Is now the time to buy Disney (NYSE:DIS) stock? With the launch of Disney+ in a few weeks, it may be tempting. But the streaming story likely will take years to play out for Disney stock.
While analysts anticipate the service will have mass appeal, the company is sacrificing short-term earnings growth in the meantime. The recent performance of DIS stock has reflected these concerns. Since Summer, shares have fallen from the $140 price level down to around $130/share. At the current valuation, the company remains richly priced.
Digging deep into projections, it may be too early to dive into DIS stock. Let’s take a closer look, and see why shares are not a compelling buy at the current price.
No Slam Dunk for Disney Stock
Expectations for Disney+ drive the DIS stock price. Wall Street assumes that the company’s rich library of content will outfox Netflix (NASDAQ:NFLX), AT&T’s (NYSE:T) WarnerMedia, and Comcast’s (NASDAQ:CMCSA) NBC Universal to take a commanding share of streaming hours.
Last year’s purchase of 21st Century Fox was the grand finale of a decade-long acquisition spree. Since 2009, Marvel, Lucasfilm, and finally 21st Century Fox fell into Disney’s hands. The company took “content is king” to the next level. Quite ironic, considering Sumner Redstone (who coined the phrase) saw his media empire of CBS (NYSE:CBS) and Viacom (NASDAQ:VIAB) dwarfed by the House of Mouse.
But can DIS parlay this menagerie of assets into greater profits and a higher stock price? The pivot to “direct-to-customer” (streaming) is part growth strategy, part adaptation. While cable television remains a cash cow for big media, its salad days are long past.
In last August’s conference call, Disney provided guidance suggesting a 10% decline in Media Network’s operating income for the quarter ending September 2019. It’s tough to see how the company will be able to counter the cord-cutting revolution, as its streaming efforts accelerate the trend.
In the meantime, Morgan Stanley’s Benjamin Swinburne projects streaming will be unprofitable until 2024. This means Disney stock may see earnings declines in the short-term, but the company’s other segments continue to perform well. Star Wars and Marvel Universe releases help sustain both box office and licensing revenue.
However, the company is firing on all cylinders. They have likely maximized the level of new content the market will bear. With this in mind, it seems tough to justify the current valuation of Disney stock.
Valuation: DIS Stock Remains Richly Priced
A small dip in the Disney stock prices does little to bring valuation lower. Shares continue to trade at a premium to the company’s big media peers. DIS has a forward price-to-earnings (forward P/E) ratio of 20, and an enterprise value/EBITDA (EV/EBITDA) ratio of 18.3.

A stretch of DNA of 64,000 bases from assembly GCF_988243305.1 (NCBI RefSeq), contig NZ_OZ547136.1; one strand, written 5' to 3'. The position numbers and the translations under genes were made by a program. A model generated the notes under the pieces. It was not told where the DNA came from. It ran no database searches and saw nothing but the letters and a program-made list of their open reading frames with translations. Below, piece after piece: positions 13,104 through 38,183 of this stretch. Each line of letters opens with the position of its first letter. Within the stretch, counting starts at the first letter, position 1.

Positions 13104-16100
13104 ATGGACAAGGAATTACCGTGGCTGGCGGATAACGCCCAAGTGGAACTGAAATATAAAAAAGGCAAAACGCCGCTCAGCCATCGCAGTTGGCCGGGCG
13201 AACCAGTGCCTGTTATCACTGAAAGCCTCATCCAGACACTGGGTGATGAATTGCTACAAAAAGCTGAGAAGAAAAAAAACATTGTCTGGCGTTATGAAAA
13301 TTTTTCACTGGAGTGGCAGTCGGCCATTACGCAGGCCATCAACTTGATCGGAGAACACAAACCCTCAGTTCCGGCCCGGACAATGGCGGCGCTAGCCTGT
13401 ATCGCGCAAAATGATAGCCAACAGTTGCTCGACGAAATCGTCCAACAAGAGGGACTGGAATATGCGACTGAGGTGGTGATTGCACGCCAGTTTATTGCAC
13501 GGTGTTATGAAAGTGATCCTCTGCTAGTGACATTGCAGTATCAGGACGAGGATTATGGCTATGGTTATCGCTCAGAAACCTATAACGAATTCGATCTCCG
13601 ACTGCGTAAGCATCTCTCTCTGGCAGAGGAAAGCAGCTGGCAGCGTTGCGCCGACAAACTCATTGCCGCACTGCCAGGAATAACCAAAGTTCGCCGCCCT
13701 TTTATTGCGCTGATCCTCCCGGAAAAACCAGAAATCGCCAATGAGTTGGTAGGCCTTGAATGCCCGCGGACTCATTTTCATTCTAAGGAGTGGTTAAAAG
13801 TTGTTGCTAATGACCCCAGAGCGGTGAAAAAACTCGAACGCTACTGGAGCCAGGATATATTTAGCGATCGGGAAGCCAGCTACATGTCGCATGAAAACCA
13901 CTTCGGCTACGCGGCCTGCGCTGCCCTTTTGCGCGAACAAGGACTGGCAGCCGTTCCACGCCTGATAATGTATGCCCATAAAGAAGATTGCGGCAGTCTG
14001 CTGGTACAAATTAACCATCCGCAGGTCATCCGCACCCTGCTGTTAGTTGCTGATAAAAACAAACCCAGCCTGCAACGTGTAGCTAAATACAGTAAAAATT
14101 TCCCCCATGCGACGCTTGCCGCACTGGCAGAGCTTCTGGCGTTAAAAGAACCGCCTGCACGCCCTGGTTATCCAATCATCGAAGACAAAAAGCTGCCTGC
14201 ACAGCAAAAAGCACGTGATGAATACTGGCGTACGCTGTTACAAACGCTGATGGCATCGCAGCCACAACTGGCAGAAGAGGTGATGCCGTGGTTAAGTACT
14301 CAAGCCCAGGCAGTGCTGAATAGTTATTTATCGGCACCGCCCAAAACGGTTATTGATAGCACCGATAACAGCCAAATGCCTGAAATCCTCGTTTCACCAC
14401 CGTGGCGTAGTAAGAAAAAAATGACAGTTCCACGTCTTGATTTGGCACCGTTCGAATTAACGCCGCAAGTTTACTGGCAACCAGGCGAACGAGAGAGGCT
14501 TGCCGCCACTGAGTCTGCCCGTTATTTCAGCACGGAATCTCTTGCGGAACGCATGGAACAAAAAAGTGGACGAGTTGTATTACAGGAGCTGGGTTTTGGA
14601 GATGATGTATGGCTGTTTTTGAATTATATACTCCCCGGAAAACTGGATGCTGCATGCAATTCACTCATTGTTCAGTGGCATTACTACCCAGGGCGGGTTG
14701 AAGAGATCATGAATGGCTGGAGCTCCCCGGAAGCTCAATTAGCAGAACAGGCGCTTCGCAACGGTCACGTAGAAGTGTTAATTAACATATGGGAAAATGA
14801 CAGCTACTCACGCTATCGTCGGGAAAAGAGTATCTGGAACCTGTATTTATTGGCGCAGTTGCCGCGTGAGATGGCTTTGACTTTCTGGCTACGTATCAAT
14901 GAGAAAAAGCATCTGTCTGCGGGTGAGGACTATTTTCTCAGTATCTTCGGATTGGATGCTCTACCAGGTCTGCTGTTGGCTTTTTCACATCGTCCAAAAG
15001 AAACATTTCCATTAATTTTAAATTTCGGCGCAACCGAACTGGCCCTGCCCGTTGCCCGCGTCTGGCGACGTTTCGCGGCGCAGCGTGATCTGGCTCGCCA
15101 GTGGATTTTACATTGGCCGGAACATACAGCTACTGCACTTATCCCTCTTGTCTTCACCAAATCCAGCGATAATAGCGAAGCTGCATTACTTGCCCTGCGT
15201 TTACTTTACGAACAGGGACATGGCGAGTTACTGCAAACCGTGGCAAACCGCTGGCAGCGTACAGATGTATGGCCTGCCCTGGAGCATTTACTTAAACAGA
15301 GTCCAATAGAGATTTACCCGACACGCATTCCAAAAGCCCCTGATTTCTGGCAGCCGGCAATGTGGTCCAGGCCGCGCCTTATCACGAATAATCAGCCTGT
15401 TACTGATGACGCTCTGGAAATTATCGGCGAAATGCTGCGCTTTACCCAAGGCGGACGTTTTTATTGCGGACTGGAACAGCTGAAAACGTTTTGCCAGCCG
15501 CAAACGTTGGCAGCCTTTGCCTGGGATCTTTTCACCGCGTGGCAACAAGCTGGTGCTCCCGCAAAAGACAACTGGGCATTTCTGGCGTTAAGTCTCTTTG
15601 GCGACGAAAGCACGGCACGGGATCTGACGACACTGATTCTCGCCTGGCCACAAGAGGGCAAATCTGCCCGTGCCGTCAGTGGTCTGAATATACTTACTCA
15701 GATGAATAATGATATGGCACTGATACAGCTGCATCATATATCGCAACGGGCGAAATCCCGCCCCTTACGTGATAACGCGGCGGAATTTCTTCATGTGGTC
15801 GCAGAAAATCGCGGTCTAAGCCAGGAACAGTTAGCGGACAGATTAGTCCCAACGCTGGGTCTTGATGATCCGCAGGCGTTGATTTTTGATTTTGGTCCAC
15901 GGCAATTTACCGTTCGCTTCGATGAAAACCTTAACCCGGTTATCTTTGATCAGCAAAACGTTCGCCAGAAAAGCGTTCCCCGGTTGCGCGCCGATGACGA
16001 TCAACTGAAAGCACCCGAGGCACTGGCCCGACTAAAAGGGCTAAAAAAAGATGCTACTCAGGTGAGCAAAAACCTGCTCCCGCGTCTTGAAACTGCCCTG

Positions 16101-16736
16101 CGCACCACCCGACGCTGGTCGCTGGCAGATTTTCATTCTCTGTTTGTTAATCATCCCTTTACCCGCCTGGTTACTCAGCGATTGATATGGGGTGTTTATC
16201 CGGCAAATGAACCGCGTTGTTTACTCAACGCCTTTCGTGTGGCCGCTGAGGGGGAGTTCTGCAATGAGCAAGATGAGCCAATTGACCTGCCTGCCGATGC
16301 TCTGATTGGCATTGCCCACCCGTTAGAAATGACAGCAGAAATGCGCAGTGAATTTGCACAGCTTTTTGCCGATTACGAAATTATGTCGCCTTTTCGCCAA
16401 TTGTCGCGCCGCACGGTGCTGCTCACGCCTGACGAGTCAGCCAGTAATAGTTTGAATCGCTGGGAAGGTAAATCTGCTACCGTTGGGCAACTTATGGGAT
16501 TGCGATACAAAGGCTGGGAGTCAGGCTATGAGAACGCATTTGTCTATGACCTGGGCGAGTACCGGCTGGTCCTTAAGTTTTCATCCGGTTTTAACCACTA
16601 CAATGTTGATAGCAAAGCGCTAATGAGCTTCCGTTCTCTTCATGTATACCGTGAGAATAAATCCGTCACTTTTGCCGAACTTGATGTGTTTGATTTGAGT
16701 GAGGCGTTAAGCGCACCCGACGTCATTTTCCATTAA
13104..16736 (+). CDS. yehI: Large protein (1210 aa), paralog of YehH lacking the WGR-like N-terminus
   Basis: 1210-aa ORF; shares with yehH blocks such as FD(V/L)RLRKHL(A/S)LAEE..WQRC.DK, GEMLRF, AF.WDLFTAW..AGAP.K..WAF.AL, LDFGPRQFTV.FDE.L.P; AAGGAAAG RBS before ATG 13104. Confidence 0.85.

Here are the valuation metrics for Disney’s peers:
AT&T: forward P/E of 15, EV/EBITDA of 8.4
CBS: forward P/E of 4.7, EV/EBITDA of 7.6
Comcast: forward P/E of 16, EV/EBITDA of 9.3
Netflix: forward P/E of 82, EV/EBITDA of 53
Viacom: forward P/E of 5.5, EV/EBITDA of 5.8
Granted, comparing Disney stock to AT&T and Comcast is not apples-to-apples. AT&T and CMCSA are telecommunications companies with media assets attached. But an 18x EBITDA multiple in still steep for a company with earnings growth issues.
As InvestorPlace’s Will Healy put it last week, Disney+ may be a “sell the news event” for Disney stock. The company’s partnership with Verizon provides a shot-in-the-arm in terms of early adoption. But it’s a long road until “direct-to-customer” is a cash cow for the Magic Kingdom.
A Solid Buy Down the Road
Buying Disney stock today may not be the best way to profit from the Disney+ catalyst. It will be years until the streaming division produces profits. Investors have time to enter the stock at a lower price. At the current valuation, shares are priced for perfection.
DIS also faces big competition from its big media peers. WarnerMedia’s HBO Max and NBC Universal’s Peacock will compete for streaming eyeballs. The streaming arms race marches forward. With it comes the secular decline of the cable networks business.
Remember that streaming is replacing an income stream more than it’s supplementing one. The jury’s still out whether streaming can produce a profit on par with television. With this in mind, today’s price may not be the ideal entry point for Disney stock.
As of this writing, Thomas Niel did not hold a position in any of the aforementioned companies.